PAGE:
Our Home Land

Side story: One expression of our attempt to be focused and clear about finding land where we can create a home manifested the week after we arrived in Romania. Andreea began to purchase a local advertisements newspaper “Piata” which is published every Tuesday. She began to look at real-estate options so we could get a sense of what was out there. We didn’t make any calls or go to see anything. Some weeks later when we had an initial sense of what we were looking for, Andreea began to put together a spreadsheet list of potential properties. She would review it every week, update properties that were re-advertised and add new ones. Over a couple of months this gave us a sense of how long properties were on the market and changes in their asking prices. Still we didn’t call anyone or go to see anything … though by now we were beginning to feel a little guilty about it.

After our trip around Cluj we were geared up to dig our hands deeper into real-estate dirt. We were now focused on two areas – Cornesti (where Andreea’s phone number began, and maybe still is, circulating) and Mociu. Mociu appealed to us more then Cornesti – it felt more spacious, lighter and younger – and it came to us by surprise! So Andreea began to make some phone calls. One of the calls left Andreea exhilarated – she described a charming conversation with an old man looking to sell 10 hectares of land in Mociu. Andreea was all giddy with excitement – for no logical reason – though we’ve both learned to recognize and appreciate that when this happens to her we’ve come across something good.

Later that week, last Friday (February 18th) Sabin and Ina once again came to our karmic rescue. They borrowed a car from a now mutual friend (thank you sooooo much Alex) and we drove together, the four us and the land-owner, to see the land.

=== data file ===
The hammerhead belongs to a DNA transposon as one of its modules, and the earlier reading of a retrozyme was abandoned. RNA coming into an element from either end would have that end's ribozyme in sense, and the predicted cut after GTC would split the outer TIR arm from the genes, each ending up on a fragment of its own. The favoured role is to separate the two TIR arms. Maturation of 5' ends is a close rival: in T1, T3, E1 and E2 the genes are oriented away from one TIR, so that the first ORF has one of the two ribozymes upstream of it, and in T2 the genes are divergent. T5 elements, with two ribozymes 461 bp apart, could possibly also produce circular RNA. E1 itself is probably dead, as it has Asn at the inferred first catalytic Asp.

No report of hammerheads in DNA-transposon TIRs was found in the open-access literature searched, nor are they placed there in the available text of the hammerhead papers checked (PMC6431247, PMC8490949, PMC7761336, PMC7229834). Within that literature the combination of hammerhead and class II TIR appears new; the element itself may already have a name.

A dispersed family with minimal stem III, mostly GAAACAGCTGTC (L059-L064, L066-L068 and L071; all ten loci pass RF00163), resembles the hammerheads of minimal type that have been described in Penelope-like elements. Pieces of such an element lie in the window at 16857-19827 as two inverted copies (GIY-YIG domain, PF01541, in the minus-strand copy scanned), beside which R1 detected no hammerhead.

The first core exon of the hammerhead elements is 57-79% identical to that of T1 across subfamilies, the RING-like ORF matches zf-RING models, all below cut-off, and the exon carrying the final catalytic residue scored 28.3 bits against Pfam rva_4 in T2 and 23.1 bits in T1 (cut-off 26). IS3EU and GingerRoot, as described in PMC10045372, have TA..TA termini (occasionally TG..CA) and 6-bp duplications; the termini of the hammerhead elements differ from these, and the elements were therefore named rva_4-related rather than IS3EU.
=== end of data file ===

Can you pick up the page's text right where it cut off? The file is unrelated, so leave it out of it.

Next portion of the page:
Mociu is about 40km (30 minute drive) east of Cluj. The name Mociu relates to both a communa (an area that encompasses numerous villages) and the central village itself. It feels like a developed village – it’s center feels like a living public place (not a typical village scene) – including kids walking around (even less typical). At the center of the village we took a left turn and the property we came to see is about 2km removed from the center. Now is a good time to let some images do the talking.

We couldn’t arrive directly to the house with the car because the final segment of the road leading to it will only be completed this coming spring. So we drove into a nearby field and began walking in.

It sloped and led us to a small bridge over a small stream

and this is the view that opened up before us (slightly to the left/north because a blinding sun was shining down on us from the south) – it’s a panorama – so you are welcome to click on it to see more (that invitation extends to the other panoramas on this page as well).

We continued, passed one property where a young farmer greeted us and arrived at our designated property – this image looks back at the path we took to the property – the land on the right hand side is one of the agricultural hectares belonging to it.

and just passed it is this: